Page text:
# How to Show a Functional Has Infinitely Many Minimizers?

I'm working on a problem in calculus of variations and need some help understanding why a particular functional has infinitely many minimizers. The problem is as follows:

Consider the set

$$\mathcal{M} = \{ y \in C^1([0, 1]) \mid y(0) = 0 \text{ and } y(1) = 1 \}$$

and the functional $$J: \mathcal{M} \subseteq C^1([0,1]) \to \mathbb{R}$$ given by

$$J(y) = \int_0^1 |y'(x)| \, dx.$$

I'm asked to show that $$J(y)$$ has infinitely many minimizers. Is it true that $$y(x) = x$$ is one such minimizer?

However, the problem states that there are infinitely many minimizers, and I'm not sure how to formally demonstrate this. Could anyone explain why this is the case and perhaps provide examples of other minimizers?

• You could start by considering only paths $y$ with $y' \geq 0$ and simplify $J$ for this case. Commented Aug 15 at 4:42

Let $$y \in \mathcal{M}$$. Then using the fundamental theorem of calculus: $$\int_0^1 y^\prime (s) ds = y(1) - y(0) = 1 -0=1.$$ This implies that $$1 = \int_0^1 y^\prime (s) ds \leq \int_0^1 |y^\prime (s) |ds = J(y)$$ by the monotonicity of the integral.

Therefore $$y$$ is a (global) minimizer of $$J$$ if $$J(y)=1$$.

You have already found that $$J(y) =1$$ if $$y(x) :=x$$, which makes the above an if and only if statement.

To show that there are infinitely many minimizers therefore boils down to finding a sequence $$(f_n)_{n \in \mathbb{N}}$$ of distinct functions in $$\mathcal{M}$$ for which $$J(f_n) =1$$ for all $$n \in \mathbb{N}$$.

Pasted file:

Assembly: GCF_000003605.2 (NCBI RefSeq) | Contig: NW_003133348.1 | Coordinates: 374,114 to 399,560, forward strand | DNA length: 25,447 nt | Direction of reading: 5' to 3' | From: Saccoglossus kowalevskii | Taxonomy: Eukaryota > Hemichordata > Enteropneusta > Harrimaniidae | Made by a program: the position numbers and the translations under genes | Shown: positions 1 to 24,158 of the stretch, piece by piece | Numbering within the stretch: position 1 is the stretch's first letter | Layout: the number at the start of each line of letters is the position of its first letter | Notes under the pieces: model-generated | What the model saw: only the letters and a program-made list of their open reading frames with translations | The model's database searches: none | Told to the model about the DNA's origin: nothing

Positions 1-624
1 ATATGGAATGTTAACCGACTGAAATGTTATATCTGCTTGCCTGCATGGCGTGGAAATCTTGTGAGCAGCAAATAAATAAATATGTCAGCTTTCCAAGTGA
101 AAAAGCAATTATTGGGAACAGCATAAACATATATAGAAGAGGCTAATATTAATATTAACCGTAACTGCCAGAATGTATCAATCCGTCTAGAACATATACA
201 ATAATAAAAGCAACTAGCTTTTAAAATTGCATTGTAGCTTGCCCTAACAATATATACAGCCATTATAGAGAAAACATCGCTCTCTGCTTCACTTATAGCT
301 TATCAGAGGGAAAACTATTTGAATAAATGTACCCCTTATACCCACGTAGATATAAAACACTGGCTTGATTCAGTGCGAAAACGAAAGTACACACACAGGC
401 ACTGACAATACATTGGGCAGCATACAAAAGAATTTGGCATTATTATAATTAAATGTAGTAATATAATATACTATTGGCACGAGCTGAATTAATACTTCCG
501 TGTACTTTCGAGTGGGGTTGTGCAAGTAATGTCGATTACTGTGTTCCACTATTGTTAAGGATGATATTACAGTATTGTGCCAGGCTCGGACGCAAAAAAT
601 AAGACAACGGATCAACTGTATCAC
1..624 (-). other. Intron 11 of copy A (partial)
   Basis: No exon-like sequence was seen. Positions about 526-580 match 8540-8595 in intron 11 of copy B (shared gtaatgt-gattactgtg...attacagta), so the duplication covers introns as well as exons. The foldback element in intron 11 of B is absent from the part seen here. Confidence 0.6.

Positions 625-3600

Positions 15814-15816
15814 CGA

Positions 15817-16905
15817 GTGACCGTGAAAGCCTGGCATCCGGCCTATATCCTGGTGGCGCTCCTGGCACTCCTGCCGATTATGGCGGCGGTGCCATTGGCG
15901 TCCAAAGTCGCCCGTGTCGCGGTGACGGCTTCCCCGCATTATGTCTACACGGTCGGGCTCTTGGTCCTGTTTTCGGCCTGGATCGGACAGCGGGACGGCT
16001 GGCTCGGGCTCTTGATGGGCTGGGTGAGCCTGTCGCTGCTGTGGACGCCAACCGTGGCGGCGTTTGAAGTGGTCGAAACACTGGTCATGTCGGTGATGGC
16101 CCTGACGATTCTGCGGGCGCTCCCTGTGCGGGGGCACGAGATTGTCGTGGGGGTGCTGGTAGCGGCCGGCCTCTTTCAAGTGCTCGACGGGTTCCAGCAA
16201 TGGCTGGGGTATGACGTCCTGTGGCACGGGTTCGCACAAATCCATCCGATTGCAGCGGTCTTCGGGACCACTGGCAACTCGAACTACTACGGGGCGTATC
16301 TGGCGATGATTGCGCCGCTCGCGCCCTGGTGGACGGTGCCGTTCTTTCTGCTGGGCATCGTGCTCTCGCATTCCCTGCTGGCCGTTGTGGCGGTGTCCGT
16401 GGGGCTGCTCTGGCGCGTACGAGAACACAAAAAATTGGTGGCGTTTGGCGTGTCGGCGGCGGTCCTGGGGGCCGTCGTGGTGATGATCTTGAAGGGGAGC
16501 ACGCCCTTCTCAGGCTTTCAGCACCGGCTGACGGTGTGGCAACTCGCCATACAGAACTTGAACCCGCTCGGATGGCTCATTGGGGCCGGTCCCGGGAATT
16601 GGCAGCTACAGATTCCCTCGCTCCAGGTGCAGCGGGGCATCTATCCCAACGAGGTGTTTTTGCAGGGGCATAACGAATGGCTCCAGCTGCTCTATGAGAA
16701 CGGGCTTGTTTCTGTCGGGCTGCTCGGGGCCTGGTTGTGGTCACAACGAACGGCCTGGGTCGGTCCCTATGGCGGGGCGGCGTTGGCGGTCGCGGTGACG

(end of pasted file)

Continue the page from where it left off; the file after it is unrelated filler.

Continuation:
Hint 1:

Consider $$J$$ applied to functions with non-negative derivative.

Solution:

If $$y \in \mathcal{M}$$ has non-negative derivative, then $$J(y) = \int_0^1|y^\prime (s) | ds= \int_0^1 y^\prime (s) ds =y(1) - y(0) = 1.$$ Therefore we are finished if we find a sequence of distinct functions in $$\mathcal{M}$$ with non-negative derivative (one such sequence is given in the second spoiler).

Solution Part 2:

Let $$n \in \mathbb{N}$$ and consider the function $$f_n : [0,1] \to \mathbb{R}$$ defined by $$f_n(x) := x^n$$. Then for all $$n \in \mathbb{N}$$: $$f_n \in \mathcal{M}$$, because $$0^n =0$$ and $$1^n =1$$. Of course they all have non-negative derivative and are distinct.

Noticing that due to the fundamental theorem of calculus, we have $$\int_0^1 y'(x)dx=1$$ for any admissible funcion $$y$$; and that $$\int_0^1|y'(x)|dx\geq 1.$$ (It is a basic result in multivariable calculus, treating y'(x) as a 1$$\times$$1 matrix and $$|\cdot|$$ a special case of matrix norm; it is intuitive anyway)

$$|y'(x)|$$ is integrable because $$y\in C^1$$ so $$|y'(x)|$$ is continuous.

Thus, any function with $$\int_0^1|y'(x)|dx= 1$$ will be a minimiser. This condition is satisfied by any weakly increasing function, including $$y(x)=x$$. (because their derivatives are always non-negative)

Another example will be $$y(x)=x^2$$.